Monday, Mar 27, 2017, 8:36 PM CST – China

Essay

For the Record

One book full of “English idioms” made me say that two fathers meeting at a college orientation “pressed their flesh” together.

At Beijing expat hub The Bookworm, 10 old China hands gathered at an open event to tell stories of their years in the Middle Kingdom. I settled into my easy chair with a glass of house red. Each raconteur narrated tales of mischief or near-misses that are only possible as a foreigner in China – wriggling out of an arrest, supplying white faces to internationalize Chinese trade shows, making fools of themselves on reality TV.

A curly-haired woman took the mic. She talked about how she used to do part-time voice-over work to make money as a student, something I used to do as well (my voice is the one part of my Chinese-American self that remains undeniably alien here). Thankfully that was where our stories diverged, because she went on to say her first voice-over experience involved a middle-aged white male “acting coach” praising her sex sounds as “realistic.”

I got started doing voice-overs because a fellow Chinese language student knew I needed money. He was a blond Colorado boy in the 15th month of his gap year. He took me to the makeshift recording studio, squeezed into the 12th floor of a residential apartment building that was checkered with nail salons, massage parlors and small-time travel agencies. My future boss met us at the door. She was a high-strung 20-something from Henan Province who went by the name Little Zhang. I never knew if the white strands in her hair were streaks of stress or a genetic quirk. She looked at my Chinese face quizzically. “You’ll need to record a test session,” she said.

She handed me a few pages of photocopied teaching-English textbooks and ushered me through the narrow studio door. The recording space was clearly meant to be a closet. Little Zhang and her team had soundproofed it with worn children’s blankets and brightly colored pads that lined the floor and walls, sealing out external noise by duct taping the spongey insides of sofa cushions over the cracks in the door. They had managed to squeeze in an adult-sized plastic chair, a lamp, a music stand and a mic. Heat reverberated off the walls, trapped. After I sat down, Little Zhang handed me a Dixie cup of water, adding, “in the future, you should probably bring your own bottle.” Then she shut the door.

My Seattle-bred vocals must have passed, because shortly after the test session the flow of work rarely slowed. Three days a week, I walked to that northwestern Beijing apartment building and Little Zhang handed me a ream of photocopied English texts. As sweat formed on my forehead, I’d read famous female commencement addresses, trying to inject my mellow alto with the gravitas of Hillary Clinton or Meryl Streep. Most frequently, I’d act out the female roles in travel dialogs, playing countless airline hostesses asking countless traveling businessmen if they were checking one bag or two. The worst were the vocabulary lists. Occasionally I’d need to read and repeat a list of words that all shared the same starting letter or vowel sound. With no content to contemplate, the seconds grew sloth-like and the pages seemed to multiply.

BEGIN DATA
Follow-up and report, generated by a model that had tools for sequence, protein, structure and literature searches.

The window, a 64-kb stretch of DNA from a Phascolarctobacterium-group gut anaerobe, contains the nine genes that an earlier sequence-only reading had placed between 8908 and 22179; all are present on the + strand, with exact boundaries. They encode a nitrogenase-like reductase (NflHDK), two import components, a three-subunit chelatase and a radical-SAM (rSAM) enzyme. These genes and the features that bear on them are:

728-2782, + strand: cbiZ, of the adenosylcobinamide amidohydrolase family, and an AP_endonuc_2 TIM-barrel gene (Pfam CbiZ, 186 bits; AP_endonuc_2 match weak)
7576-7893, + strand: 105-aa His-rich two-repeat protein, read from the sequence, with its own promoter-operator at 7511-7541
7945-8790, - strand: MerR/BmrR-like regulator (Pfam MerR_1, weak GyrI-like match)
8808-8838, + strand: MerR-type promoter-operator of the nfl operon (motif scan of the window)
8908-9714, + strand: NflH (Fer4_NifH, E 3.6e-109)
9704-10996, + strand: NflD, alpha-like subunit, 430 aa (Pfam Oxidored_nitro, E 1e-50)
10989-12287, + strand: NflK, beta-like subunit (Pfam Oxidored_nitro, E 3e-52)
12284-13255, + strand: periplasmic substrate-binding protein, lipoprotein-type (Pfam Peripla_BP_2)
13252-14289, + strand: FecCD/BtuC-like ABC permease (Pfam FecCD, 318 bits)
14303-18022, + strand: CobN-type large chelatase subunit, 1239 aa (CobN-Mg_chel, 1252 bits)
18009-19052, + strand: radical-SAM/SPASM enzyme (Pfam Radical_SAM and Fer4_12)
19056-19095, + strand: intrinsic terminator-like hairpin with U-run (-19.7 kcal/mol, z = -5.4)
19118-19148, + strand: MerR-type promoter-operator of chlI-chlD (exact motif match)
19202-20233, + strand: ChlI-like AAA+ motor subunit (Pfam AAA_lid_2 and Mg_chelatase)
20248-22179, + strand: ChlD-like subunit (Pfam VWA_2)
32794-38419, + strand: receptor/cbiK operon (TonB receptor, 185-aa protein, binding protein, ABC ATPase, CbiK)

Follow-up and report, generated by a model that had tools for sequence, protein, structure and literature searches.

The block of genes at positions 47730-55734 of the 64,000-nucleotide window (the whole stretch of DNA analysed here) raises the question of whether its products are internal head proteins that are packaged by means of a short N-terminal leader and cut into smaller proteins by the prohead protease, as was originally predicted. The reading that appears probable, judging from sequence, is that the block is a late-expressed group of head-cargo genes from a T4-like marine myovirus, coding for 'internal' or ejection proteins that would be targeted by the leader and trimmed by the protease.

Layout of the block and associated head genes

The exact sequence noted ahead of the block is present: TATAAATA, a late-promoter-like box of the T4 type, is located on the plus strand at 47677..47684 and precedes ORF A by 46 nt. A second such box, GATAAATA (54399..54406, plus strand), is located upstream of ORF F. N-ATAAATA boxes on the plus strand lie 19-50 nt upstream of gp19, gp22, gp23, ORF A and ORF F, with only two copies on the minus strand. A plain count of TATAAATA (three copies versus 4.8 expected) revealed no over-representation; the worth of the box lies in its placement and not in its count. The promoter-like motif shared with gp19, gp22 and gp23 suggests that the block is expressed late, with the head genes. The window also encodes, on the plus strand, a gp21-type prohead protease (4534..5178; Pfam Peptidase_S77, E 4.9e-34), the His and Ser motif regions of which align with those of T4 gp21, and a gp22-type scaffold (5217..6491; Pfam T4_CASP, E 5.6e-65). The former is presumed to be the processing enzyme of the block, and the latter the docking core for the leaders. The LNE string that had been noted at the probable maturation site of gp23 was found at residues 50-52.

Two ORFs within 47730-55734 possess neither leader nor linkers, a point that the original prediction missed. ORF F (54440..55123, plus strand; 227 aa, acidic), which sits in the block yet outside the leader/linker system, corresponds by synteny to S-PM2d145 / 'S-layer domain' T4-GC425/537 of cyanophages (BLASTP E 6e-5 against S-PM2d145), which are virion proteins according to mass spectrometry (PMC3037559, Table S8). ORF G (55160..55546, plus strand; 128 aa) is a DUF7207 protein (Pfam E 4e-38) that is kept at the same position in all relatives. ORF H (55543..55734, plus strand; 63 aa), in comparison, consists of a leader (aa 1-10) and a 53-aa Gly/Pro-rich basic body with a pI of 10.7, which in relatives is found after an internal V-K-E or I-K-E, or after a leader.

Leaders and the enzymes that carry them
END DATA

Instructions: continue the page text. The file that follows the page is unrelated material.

My favorite recording sessions were the oddball textbooks that had clearly been written by someone who didn’t make it past high school English. One book full of “English idioms” made me say that two fathers meeting at a college orientation “pressed their flesh” together, an unfortunate way of describing what I believe to be a handshake. Then there was the textbook of conspiracy theories, for which I read the lines: “Then Fox News host Bill discovered that Soros and ACLU were conspiring to destroy Christmas… Thanks to ‘Glenn Beck Program,’ we eventually catch the truth.” That one made me so gleeful I took a picture of it.

Things went downhill at the studio, though, and Little Zhang could no longer afford her rent. When she took us to the new studio in a “place downstairs,” she surprised the Coloradan and I by first leading us outside, then across the parking lot, then through a door labeled BOMB SHELTER. We descended. At the bottom of the staircase, which would have felt at home in any of the six Saw movies, a narrow, grungy hallway extended beneath a low-slung ceiling that seemed to slump down further in the short time we were there. Cell-like concrete rooms lined the hallway like edges of a zipper, each one packed with one or five inhabitants. Women in dirty slippers lugged pink plastic buckets of water from the communal bathroom back to their plumbing-less hovels. One of those hovels was our new recording space.

As my piles of photocopies fattened and the bomb shelter environment somehow managed to grow drearier, my wages lost their luster. When I went home for Christmas one year, I told Little Zhang I wouldn’t be back.

I never gave too much thought to where my voice would end up. It was just a funny notion that uniform-clad schoolchildren in Anhui Province may be required to listen to my recordings for English class, repeating after me every time their teacher paused the tape.

But the curly-haired speaker at The Bookworm learned what became of her recordings. She revealed her sexual noises ended up in the movie American Dreams in China, a huge film that grossed US$50 million in its first week and was showered with accolades across Asia. I gasped when I heard. Yet another example of how, in China, anything’s possible.

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